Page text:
July 1980
Volume 19, Issue 7
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Articles  |   July 1980
The effects of increased hydrostatic pressure upon normal and regenerated rabbit corneal endothelium.
Investigative Ophthalmology & Visual Science July 1980, Vol.19, 829-832. doi:
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      W H Schutten, D L Van Horn; The effects of increased hydrostatic pressure upon normal and regenerated rabbit corneal endothelium.. Invest. Ophthalmol. Vis. Sci. 1980;19(7):829-832.

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      © ARVO (1962-2015); The Authors (2016-present)

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Abstract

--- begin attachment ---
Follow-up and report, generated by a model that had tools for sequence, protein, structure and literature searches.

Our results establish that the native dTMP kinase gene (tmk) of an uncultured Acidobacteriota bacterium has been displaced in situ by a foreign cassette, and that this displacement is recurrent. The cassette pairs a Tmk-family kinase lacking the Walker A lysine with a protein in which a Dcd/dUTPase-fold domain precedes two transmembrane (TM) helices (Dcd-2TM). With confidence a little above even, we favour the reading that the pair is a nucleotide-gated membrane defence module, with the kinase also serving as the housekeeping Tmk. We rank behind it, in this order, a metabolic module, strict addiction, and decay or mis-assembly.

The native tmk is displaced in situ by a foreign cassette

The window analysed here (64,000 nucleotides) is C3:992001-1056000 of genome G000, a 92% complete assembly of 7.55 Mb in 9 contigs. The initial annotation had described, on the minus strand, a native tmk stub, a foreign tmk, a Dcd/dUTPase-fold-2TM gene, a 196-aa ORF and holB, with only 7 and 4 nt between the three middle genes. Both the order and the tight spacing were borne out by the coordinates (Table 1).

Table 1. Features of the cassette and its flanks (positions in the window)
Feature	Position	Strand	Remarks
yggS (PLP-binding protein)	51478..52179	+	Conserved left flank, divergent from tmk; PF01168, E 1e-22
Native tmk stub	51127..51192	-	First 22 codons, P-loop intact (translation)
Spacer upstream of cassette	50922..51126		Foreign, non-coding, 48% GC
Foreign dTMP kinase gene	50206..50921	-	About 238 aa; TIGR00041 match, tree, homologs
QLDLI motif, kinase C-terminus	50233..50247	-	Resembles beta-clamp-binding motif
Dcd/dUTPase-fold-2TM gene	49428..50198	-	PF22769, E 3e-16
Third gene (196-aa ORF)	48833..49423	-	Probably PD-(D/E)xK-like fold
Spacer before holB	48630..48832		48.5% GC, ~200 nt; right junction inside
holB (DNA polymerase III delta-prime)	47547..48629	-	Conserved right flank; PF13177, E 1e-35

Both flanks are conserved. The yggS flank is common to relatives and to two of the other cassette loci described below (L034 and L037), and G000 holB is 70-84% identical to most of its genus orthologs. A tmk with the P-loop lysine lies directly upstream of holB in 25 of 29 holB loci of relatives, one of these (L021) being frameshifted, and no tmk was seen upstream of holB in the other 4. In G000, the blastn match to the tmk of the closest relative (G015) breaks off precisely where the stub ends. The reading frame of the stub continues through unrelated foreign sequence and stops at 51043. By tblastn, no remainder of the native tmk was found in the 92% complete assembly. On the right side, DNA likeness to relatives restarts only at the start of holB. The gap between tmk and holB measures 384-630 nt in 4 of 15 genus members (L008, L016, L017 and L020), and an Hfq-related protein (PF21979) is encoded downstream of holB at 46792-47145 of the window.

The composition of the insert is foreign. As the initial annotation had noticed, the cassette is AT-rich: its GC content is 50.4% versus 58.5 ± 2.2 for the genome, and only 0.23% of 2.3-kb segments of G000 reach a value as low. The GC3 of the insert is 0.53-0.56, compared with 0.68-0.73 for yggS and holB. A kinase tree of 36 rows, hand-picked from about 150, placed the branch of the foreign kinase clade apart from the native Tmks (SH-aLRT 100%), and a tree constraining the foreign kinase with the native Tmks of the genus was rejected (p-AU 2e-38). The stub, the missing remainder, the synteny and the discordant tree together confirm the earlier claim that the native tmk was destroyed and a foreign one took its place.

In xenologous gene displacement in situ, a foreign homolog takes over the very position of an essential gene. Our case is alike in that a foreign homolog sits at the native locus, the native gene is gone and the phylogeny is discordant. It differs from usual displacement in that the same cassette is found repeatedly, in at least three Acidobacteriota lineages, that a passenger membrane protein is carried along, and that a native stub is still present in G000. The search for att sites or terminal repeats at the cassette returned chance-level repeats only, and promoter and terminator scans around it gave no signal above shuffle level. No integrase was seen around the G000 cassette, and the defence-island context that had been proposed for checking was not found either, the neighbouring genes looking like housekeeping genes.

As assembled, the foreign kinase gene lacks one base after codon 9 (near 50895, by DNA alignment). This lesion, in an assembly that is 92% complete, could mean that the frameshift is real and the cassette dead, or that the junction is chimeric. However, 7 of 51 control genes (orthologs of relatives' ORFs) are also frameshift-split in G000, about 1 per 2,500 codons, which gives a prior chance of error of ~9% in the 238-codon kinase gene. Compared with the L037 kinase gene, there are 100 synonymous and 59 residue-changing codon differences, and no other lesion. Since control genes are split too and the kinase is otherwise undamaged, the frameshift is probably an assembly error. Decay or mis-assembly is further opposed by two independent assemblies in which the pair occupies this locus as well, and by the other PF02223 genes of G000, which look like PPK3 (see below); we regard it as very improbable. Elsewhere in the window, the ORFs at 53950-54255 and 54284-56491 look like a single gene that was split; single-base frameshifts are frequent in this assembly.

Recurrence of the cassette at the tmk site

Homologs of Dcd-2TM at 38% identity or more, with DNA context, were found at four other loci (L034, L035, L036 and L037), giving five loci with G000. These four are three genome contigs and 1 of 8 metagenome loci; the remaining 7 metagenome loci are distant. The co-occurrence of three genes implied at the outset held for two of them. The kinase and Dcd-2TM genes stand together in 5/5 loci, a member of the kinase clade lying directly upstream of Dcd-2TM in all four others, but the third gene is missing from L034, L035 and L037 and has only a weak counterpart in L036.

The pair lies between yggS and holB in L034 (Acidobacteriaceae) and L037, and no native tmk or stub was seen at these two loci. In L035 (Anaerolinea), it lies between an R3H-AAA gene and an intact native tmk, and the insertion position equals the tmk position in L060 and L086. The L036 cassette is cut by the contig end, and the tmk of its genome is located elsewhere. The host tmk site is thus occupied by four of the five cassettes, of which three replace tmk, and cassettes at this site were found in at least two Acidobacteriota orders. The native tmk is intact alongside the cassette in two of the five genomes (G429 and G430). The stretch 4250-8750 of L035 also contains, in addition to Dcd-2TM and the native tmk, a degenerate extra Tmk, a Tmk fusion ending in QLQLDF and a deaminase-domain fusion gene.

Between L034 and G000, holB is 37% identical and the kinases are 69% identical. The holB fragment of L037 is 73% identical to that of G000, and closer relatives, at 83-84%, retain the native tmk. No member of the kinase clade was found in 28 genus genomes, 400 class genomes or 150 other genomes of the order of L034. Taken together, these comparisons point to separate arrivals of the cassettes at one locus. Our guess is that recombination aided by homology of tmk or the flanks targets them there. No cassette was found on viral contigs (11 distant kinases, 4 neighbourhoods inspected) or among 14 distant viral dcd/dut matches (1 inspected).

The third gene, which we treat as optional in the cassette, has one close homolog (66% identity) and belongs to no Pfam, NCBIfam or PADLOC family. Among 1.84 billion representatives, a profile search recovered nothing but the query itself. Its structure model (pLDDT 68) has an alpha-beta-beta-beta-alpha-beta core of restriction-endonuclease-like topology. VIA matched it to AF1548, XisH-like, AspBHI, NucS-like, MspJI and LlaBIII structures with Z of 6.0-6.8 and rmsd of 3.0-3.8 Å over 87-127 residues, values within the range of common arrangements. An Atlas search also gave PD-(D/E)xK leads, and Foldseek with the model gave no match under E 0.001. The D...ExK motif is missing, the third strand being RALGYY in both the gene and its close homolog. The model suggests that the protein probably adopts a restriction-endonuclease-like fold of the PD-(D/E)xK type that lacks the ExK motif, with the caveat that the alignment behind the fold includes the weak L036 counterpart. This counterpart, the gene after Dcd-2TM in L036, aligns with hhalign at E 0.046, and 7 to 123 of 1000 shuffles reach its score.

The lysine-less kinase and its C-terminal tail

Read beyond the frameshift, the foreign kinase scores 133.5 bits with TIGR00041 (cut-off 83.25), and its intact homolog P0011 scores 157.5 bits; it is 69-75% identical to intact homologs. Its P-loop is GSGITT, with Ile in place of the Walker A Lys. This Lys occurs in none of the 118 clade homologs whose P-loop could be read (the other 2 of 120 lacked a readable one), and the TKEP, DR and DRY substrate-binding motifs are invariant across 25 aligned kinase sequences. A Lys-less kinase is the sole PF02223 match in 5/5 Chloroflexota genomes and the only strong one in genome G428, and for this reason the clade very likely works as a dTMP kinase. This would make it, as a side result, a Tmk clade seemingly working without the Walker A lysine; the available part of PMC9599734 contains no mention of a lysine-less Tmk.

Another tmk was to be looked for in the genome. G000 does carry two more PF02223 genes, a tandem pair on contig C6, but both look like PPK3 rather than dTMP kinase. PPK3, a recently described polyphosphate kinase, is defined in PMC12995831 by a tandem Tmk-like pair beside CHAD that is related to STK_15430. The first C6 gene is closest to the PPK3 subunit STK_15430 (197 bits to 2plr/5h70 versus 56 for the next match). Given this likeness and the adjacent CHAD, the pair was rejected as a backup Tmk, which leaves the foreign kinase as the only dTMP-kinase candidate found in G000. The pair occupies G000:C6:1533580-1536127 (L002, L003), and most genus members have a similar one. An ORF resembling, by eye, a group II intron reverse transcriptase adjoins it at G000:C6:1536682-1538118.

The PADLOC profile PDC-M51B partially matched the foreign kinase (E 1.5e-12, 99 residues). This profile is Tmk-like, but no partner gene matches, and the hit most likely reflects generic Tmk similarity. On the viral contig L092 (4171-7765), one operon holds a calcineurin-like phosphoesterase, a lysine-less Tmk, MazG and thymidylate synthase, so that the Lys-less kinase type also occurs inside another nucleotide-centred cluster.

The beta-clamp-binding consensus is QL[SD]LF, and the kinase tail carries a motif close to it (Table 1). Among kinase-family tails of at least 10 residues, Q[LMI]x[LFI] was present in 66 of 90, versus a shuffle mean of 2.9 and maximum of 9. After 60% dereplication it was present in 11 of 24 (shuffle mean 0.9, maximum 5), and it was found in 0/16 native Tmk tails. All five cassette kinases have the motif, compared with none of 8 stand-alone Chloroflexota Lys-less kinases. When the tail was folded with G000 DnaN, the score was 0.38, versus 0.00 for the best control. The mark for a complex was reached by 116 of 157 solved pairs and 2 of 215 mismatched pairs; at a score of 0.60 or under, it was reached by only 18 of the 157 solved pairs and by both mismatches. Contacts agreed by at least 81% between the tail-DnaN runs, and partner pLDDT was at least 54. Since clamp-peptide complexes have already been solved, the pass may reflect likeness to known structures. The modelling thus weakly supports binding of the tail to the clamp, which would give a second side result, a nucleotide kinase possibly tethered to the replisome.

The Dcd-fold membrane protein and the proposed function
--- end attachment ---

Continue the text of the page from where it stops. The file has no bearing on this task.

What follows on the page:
The effect of increased hydrostatic pressure upon the ability of normal and regenerated endothelium to deturgesce preswollen, de-epithelialized rabbit corneas was studied. Stromal deturgescence occurred as a biphasic response when hydrostatic pressure at the endothelial surface was increased above baseline values. Initially there was a rapid phase of stromal thinning which was dependent upon hydrostatic pressure nad endothelial function. This was followed by a slower phase of corneal thinning which was independent of hydrostatic pressure at the endothelial surface for pressures between 15 and 50 mm Hg. The slow phase of thinning represents the steady-state ability of the endothelium to deturgesce the stroma. Regenerated rabbit endothelium functioned similarly to normal endothelium in deturgescing the stroma. In addition, short-term increases in hydrostatic pressure at the endothelial surface did not produce ultrastructural changes in normal or regenerated corneal endothelial cells.

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